Growing Our Trade Abroad- Update from Brussels
May 29, 2017
The Transatlantic Trade and Investment Partnership (TTIP), a proposed trade agreement between the EU and the United States, has been a trade deal that the Irish business community has strongly advocated for in recent years. The Irish economy was predicted to benefit from TTIP more than twice the EU average, with these benefits extending to not only the multi-nationals based here, but also SMEs. However, following November’s US Presidential election and the Trump administration’s preference for a more protection approach to trade, negotiations for TTIP (following more than three years of talks) are indefinitely on hold
While this is disappointing for those who support increased trade, the EU-US trade deal has not been the only item on the EU’s trade agenda. Promoting transatlantic trade with Canada has also been a top priority for the EU in recent years, and continues to be so. The Comprehensive Economic and Trade Agreement (CETA) with Canada was finalised in 2014 and offers significant opportunities for growth in trade with Canada and opens up public procurement markets in the Canadian provinces giving Irish firms increased access to Canadian public sector purchasing. Ireland will gain unlimited tariff free access for most of our important food exports. Irish firms, particularly SMEs, will also benefit from the recognition of product standards and certification, thus saving on ‘double testing’ on both sides of the Atlantic.
Following the approval by the European Parliament of CETA in February of this year, the next steps fall to the Canadian Government to finalise is internal implementations procedures to allow for their ratification of the agreement. It is expected that CETA will provisionally apply from summer 2017. The agreement will remove over 99% of tariffs between the EU and Canada, and will create new market opportunities for investors. To learn more the trade agreement, read our factsheet on how Ireland will benefit from the trade agreementor visit the European Commission website.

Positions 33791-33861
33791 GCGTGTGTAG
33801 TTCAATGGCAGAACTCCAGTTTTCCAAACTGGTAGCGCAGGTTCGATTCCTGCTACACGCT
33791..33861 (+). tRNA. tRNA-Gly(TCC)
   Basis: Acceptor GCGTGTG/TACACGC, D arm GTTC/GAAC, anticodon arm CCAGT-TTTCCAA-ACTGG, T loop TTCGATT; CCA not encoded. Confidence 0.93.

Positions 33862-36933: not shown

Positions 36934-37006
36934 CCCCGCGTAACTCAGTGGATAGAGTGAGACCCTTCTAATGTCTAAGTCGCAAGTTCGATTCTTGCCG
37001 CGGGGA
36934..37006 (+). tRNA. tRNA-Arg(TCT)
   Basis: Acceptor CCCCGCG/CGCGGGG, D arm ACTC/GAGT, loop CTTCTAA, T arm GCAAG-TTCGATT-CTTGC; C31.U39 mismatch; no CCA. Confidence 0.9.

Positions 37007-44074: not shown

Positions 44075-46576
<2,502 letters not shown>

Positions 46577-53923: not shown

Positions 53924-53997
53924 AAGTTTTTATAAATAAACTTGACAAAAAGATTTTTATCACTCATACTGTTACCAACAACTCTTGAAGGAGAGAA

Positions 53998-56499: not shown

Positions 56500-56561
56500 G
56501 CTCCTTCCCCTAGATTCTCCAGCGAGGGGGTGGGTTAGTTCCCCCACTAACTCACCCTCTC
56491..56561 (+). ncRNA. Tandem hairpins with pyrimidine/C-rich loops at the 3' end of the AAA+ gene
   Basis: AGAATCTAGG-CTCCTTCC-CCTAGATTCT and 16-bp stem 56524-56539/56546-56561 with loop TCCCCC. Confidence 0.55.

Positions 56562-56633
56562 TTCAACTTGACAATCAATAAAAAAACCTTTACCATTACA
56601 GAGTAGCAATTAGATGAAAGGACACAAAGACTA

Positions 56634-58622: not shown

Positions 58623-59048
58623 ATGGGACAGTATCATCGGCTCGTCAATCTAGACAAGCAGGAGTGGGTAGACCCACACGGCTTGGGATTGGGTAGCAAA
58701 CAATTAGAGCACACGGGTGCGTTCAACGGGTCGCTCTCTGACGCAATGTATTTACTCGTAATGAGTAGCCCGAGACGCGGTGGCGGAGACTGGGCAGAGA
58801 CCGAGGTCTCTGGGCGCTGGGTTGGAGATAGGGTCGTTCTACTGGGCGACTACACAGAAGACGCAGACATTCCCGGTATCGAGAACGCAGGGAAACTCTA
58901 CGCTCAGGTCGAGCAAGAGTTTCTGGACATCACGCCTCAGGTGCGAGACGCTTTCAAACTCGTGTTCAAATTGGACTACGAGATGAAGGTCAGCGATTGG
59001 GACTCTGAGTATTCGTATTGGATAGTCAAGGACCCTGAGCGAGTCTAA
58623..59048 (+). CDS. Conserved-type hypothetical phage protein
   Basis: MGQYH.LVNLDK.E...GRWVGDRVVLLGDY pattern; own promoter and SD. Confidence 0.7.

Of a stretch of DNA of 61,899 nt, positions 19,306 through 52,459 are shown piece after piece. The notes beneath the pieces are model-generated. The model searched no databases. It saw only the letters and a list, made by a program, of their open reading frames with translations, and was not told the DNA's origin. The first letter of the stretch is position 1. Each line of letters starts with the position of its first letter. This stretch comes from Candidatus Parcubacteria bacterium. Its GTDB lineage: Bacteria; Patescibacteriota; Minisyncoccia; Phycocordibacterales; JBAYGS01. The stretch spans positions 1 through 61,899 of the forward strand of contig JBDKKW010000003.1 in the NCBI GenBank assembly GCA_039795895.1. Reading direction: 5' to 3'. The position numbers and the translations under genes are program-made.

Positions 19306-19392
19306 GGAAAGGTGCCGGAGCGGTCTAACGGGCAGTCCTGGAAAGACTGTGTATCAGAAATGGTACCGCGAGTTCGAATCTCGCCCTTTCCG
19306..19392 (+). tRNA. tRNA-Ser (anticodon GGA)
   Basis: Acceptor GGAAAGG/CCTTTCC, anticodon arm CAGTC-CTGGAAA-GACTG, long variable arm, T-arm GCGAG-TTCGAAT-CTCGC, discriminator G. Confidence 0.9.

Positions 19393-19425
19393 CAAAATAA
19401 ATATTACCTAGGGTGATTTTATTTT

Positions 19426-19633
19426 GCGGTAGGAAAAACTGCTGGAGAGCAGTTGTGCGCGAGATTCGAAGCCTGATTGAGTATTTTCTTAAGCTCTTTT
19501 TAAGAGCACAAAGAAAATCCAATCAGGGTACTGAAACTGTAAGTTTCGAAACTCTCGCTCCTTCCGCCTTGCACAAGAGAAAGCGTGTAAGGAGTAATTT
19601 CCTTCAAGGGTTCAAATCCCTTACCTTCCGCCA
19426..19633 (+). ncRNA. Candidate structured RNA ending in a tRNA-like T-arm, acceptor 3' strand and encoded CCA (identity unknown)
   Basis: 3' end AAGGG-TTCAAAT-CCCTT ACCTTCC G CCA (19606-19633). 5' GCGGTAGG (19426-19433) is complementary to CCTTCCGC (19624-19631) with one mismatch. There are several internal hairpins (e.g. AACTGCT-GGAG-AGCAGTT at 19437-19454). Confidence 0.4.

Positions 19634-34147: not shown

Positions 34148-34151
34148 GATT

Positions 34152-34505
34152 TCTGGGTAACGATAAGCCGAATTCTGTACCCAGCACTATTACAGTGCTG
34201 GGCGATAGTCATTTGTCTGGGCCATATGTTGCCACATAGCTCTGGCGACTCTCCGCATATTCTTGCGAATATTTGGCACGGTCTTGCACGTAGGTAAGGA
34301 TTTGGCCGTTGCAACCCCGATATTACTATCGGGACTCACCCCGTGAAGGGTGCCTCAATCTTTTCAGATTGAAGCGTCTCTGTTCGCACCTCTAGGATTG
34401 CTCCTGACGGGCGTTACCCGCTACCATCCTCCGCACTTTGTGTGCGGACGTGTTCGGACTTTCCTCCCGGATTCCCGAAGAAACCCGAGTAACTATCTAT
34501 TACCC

The European Commission is also focusing on finalising new trade agreements with other regions. It is expected that a trade agreement between the EU and Japan will be finalised later this year. The EU is also hoping to complete negotiations for a modernised trade deal between the EU and Mexico. This agreement will replace the existing one, which was signed more than 20 years ago. Since the entry into force of the existing trade agreement in 2000, trade volumes between the EU and Mexico have tripled. In February, both parties agreed to significantly accelerate the pace of negotiations to reach a deal sooner. The new deal will simplify administrative burdens, cut red tape, boost growth and competitiveness, widen consumer choice and create jobs on both sides.
Lastly, earlier this month the ECJ, the EU’s highest court, ruled that a key EU-Singapore agreement requires ratification by all EU member states, but only on specific issues where there is shared competence. The EU –Singapore seal was settled in 2013 but has yet to be ratified. The past is among the first in a “new generation” of trade deals that have been expanded to include intellectual property, investment and public procurement, as well as the more traditional areas of customs and non-tariff-barriers.